Slow Runners Make Fast Runners Look Good

Goal time, pr’s, pace, bla bla bla bla bla bla. The most common conversation I have with people is about how slow they run. And it’s not a conversation like, “I run 9 minute miles!” (insert huge proud smile). It’s more like, “UGH I am so slow, I run a 9 minute mile” (insert sad face). First of all a 9 minute mile isn’t slow so everyone needs to calm down. But I’m gonna let you in on a little secret, if you want to run faster you just have to run faster. 




What do you mean if I want to run faster I just have to run faster? Yes. That is what they say and in my experience that is what has worked.

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But here’s what I say, stop being ashamed of your pace! Stop calling yourself slow! Who cares? If you run a 13 minute mile average pace during a half marathon people don't say, "They ran a very slow half marathon..." they say, "Holy shit, you ran a half marathon." I remember when I first started running I would consistently Google what an average mile pace was. To be honest, I don't believe there is an “average” runner! Everyone is so drastically different in the beginning. Just the fact that you are running makes you special. I’m always beside myself (and a little jealous) when I find out someone is lightning fast. Then I hear myself say, “I could never run that fast!” I'm guilty as well! But of course I could run that fast if I worked as hard as that person did. But I’m working pretty gosh darn hard as it is and I am pretty happy with how things are going so you know what, I’m good! At the end of the day whether you run a marathon in 3 hours or 6, you ran a marathon.

Falling in love with running, finding that running high, running faster and farther, it all takes time. At least for me it took time. It took me weeks to be able to run 3 miles without stopping. The first few weeks were really hard and I had to really convince myself to stick with it. I really hated running. But once I found my stride there was no turning back, I fell in love. I was curious to see how my pace has improved over the past two years so I pulled my first two runs from RunKeeper to compare to the same dates a year later, and then my last two runs (my 2 year run-i-versary isn’t until Thanksgiving so a month early will have to do.) Check them out for yourself.

It took 2 years and 2,609 miles to get to where I am today. I can’t even begin to explain how my relationship to running has changed. It changes with each long run and every race. It’s always there when I need it but each run is very different. Some are incredible and some are just downright torture. But it’s only a run. Each one is over almost as quickly as it starts, even if it doesn’t feel like it, all you have to do is endure or enjoy. That’s the beauty of setting a goal, it actually takes work to get there. It isn’t 100% enjoyable but then you are able to say look how far I have come!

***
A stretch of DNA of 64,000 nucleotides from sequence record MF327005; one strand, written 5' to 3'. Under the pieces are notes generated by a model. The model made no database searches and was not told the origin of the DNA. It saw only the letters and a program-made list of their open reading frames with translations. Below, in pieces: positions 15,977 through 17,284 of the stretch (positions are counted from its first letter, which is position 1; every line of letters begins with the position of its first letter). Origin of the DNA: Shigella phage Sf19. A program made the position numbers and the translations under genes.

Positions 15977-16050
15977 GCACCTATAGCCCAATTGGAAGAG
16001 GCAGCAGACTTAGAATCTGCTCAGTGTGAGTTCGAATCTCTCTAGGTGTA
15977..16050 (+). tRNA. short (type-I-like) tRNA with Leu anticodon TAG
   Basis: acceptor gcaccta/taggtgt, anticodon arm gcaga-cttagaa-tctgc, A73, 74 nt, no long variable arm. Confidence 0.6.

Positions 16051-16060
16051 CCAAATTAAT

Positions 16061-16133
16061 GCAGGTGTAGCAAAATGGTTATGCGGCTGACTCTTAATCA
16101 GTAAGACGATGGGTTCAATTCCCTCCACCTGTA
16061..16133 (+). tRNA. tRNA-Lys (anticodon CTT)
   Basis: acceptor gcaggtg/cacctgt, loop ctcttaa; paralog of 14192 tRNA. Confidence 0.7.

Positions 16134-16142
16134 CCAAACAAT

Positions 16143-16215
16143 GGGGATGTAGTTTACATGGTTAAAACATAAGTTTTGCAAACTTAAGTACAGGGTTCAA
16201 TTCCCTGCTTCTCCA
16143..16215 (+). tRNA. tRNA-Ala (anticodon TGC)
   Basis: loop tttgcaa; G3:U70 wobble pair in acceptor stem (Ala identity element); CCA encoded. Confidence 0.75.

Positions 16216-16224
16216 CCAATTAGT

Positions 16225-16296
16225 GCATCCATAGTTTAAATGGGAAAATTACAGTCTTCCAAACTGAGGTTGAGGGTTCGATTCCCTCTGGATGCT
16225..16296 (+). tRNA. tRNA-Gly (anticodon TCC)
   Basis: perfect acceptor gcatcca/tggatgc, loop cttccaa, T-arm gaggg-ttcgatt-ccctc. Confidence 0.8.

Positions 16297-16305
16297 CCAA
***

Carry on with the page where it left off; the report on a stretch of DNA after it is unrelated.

When I crossed the finished line of my first marathon back in June of 2013, I remember on the car ride home my Dad asked me if I would ever do it again. I said, “Absolutely and I want to do it in 4 hours.” I’m 11 days away from my second marathon and a 4 hour marathon time is within my reach. Am I stressing about running 4 hours? Not really. I really just want to run the entire thing and enjoy it. Being on my phone safely KILLS my time so my goal is to have the best possible time running and sharing the marathon as possible. 4 hours is still my goal time but I know 4:15 may be more realistic.

If you’re a new runner I would recommend that you stop caring about your pace. Just focus your energy on running consistently and running farther. The time will come once you develop your stride and confidence. Find the fun. Don’t avoid hills, charge them. Incorporate speed training once a week (Click Here for some speed training 101). First come loves, then comes marriage. You have to fall in love with running before you can commit to it. It’s not easy getting yourself out of bed in the middle of winter to run. It’s not easy carving 30-60 min out of your busy schedule to get a run in. But if you love it you’ll make it happen. Don’t worry about how slow you are, just have fun.  


Kelly Roberts

It all started when a silly joke made headlines back in 2014 when I took selfies with hot guys “hottie hunting” my way through the New York City Half Marathon. But ironically enough, I haven't always been a runner. As the self-proclaimed former President of the "I f*cking hate running club", I spent most of my life finding ways to avoid physical activity. Growing up, I missed over 70 days of PE my senior year. Working out was something I thought I had to suffer through in order to lose weight. 

Then, in 2009, my younger brother passed away unexpectedly and struggling to manage my grief, I gained more than 75 pounds. With the weight gain came a new fight to regain my sense of self and learn to love the body I saw when I looked in the mirror. Then one Thanksgiving morning, drowning in grief and self doubt, I decided to go for a run. I didn't make it half way down my street before I had to stop to walk but for some reason, struggling forward made more sense than getting back into bed. It turns out that running is a lot like grief, neither ever really get easier, you just get stronger. 

Over time, I realized that while some people are in fact born runners, others are made. I created this blog Run, Selfie, Repeat and my new podcast by the same name with the hopes to inspire others to say yes to themselves while making them laugh hysterically because laughing, in my opinion, is the solution to everything. 

Named by Women's Running as one of twenty women who are changing the sport of running and by Competitor Magazine as one of 12 Influential and inspiring runners under 30, my mission is to inspire others to get embrace a healthy lifestyle and pursue the strongest version of themselves possible.